India’s achievements have by no means been insignificant, and a great deal of stock-taking is occurring as the fiftieth anniversary of Indian independence approaches. The most frequently cited figure as an index of India’s advancement is the figure of 200 million people who are now said to have catapulted into India’s middle class; consumerism, which has already wrought havoc in the West, is now being placed before Indians as the new doorway to paradise. The Indian state, which proudly trumpets its achievements, has frequently called attention to India’s burgeoning industrial sector, India’s accomplishments in space, the phenomenal rise in food production (said to have resulted in self-sufficiency in food, a claim that scarcely squares with the allegation that well over half of the population is severely malnourished), and the well-known contributions of its scientists, engineers, and technicians.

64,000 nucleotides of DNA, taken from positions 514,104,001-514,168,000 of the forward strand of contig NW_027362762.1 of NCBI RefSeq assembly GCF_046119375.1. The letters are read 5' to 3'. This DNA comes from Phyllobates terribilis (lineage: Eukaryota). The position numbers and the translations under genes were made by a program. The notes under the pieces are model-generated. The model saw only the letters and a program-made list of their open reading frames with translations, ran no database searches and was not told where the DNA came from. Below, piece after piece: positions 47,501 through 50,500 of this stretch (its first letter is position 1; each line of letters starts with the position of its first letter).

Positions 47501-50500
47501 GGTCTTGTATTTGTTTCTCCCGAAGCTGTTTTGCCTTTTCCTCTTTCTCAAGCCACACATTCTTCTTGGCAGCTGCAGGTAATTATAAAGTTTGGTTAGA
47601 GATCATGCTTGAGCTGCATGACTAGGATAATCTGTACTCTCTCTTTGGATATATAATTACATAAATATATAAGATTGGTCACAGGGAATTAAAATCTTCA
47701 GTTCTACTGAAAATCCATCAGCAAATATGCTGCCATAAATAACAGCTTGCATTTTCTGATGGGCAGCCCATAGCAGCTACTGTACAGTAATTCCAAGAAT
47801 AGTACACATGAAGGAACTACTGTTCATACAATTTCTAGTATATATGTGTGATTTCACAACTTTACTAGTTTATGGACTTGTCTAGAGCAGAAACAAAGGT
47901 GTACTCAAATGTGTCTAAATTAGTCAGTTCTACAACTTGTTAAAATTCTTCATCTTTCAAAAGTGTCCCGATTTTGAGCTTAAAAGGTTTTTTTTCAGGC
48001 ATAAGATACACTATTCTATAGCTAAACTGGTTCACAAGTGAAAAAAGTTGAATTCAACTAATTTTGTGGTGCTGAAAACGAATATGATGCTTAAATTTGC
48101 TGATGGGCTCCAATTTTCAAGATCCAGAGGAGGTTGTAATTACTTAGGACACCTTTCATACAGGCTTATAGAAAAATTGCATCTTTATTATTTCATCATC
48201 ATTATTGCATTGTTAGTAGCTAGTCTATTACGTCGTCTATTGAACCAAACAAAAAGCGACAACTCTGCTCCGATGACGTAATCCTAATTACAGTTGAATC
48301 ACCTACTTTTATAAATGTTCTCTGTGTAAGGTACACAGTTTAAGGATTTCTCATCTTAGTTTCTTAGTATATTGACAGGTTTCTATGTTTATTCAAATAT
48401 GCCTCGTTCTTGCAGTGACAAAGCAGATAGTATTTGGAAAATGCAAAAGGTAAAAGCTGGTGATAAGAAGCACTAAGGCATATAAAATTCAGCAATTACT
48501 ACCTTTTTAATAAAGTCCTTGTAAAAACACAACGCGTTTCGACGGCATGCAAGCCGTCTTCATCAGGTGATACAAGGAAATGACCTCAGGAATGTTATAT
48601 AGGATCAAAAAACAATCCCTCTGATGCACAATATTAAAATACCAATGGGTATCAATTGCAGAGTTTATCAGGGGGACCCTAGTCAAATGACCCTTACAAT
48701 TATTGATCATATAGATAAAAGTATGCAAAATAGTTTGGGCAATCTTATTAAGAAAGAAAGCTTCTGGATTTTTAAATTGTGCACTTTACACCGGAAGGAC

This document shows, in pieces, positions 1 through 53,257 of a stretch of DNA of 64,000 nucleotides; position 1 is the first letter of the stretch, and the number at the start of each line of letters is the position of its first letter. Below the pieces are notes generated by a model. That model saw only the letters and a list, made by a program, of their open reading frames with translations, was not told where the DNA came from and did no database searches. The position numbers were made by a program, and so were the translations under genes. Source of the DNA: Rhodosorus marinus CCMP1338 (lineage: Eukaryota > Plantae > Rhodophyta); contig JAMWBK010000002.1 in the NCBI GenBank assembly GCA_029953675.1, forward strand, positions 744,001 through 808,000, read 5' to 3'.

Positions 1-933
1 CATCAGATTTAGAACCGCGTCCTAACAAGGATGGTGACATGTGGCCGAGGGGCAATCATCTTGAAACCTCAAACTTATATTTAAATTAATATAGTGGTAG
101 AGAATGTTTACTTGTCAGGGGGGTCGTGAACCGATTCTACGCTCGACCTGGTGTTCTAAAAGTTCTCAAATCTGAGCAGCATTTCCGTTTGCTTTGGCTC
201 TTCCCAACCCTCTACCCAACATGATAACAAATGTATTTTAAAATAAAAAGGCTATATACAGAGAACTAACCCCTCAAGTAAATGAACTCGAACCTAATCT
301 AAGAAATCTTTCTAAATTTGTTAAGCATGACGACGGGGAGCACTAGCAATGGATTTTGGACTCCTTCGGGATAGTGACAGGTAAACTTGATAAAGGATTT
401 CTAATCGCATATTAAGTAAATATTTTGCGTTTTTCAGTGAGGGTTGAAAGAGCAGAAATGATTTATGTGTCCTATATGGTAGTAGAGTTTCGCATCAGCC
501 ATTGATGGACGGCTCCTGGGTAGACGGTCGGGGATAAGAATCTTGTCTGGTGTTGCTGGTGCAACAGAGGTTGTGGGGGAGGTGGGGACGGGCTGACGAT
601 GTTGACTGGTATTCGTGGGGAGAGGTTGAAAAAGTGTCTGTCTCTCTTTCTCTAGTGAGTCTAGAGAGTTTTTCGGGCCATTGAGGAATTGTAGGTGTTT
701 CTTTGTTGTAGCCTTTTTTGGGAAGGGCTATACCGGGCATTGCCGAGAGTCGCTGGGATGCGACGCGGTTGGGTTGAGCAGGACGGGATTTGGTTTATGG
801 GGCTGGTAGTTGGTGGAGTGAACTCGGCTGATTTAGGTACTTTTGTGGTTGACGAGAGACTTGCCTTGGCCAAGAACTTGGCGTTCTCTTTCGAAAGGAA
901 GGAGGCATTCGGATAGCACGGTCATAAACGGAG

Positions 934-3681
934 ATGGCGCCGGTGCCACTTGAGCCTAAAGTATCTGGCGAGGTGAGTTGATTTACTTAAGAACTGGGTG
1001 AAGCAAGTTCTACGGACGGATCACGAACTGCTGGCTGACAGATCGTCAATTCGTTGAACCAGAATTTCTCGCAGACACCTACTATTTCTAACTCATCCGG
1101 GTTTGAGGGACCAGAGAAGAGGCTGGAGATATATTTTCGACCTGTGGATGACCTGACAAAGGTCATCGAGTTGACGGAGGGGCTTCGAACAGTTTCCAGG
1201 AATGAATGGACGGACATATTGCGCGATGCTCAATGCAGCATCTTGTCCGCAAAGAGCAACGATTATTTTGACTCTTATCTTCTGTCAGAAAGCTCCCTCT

No recognition of Indian achievements in a country bedeviled by heterogeneity can, however, mask the brutalities of everyday life for the vast majority of Indians. The people have been grossly ill-served by the state in such critical domains as health, nutrition, public safety, assurance of employment, and education. The abuse of women continues virtually unchecked, despite the emergence of women’s movements, and daily newspapers abound in stories of the abduction and molestation of women, their sexual exploitation, and dowry deaths. Caste oppression, particularly in rural areas, remains acute; infringements of caste rules of moral and sexual conduct have been known to lead to the death of those who dare to transgress. Living conditions in cities and particularly towns remain appalling, and the problems of pollution, the disposal of sewage, and the provision of public facilities remain almost insuperable.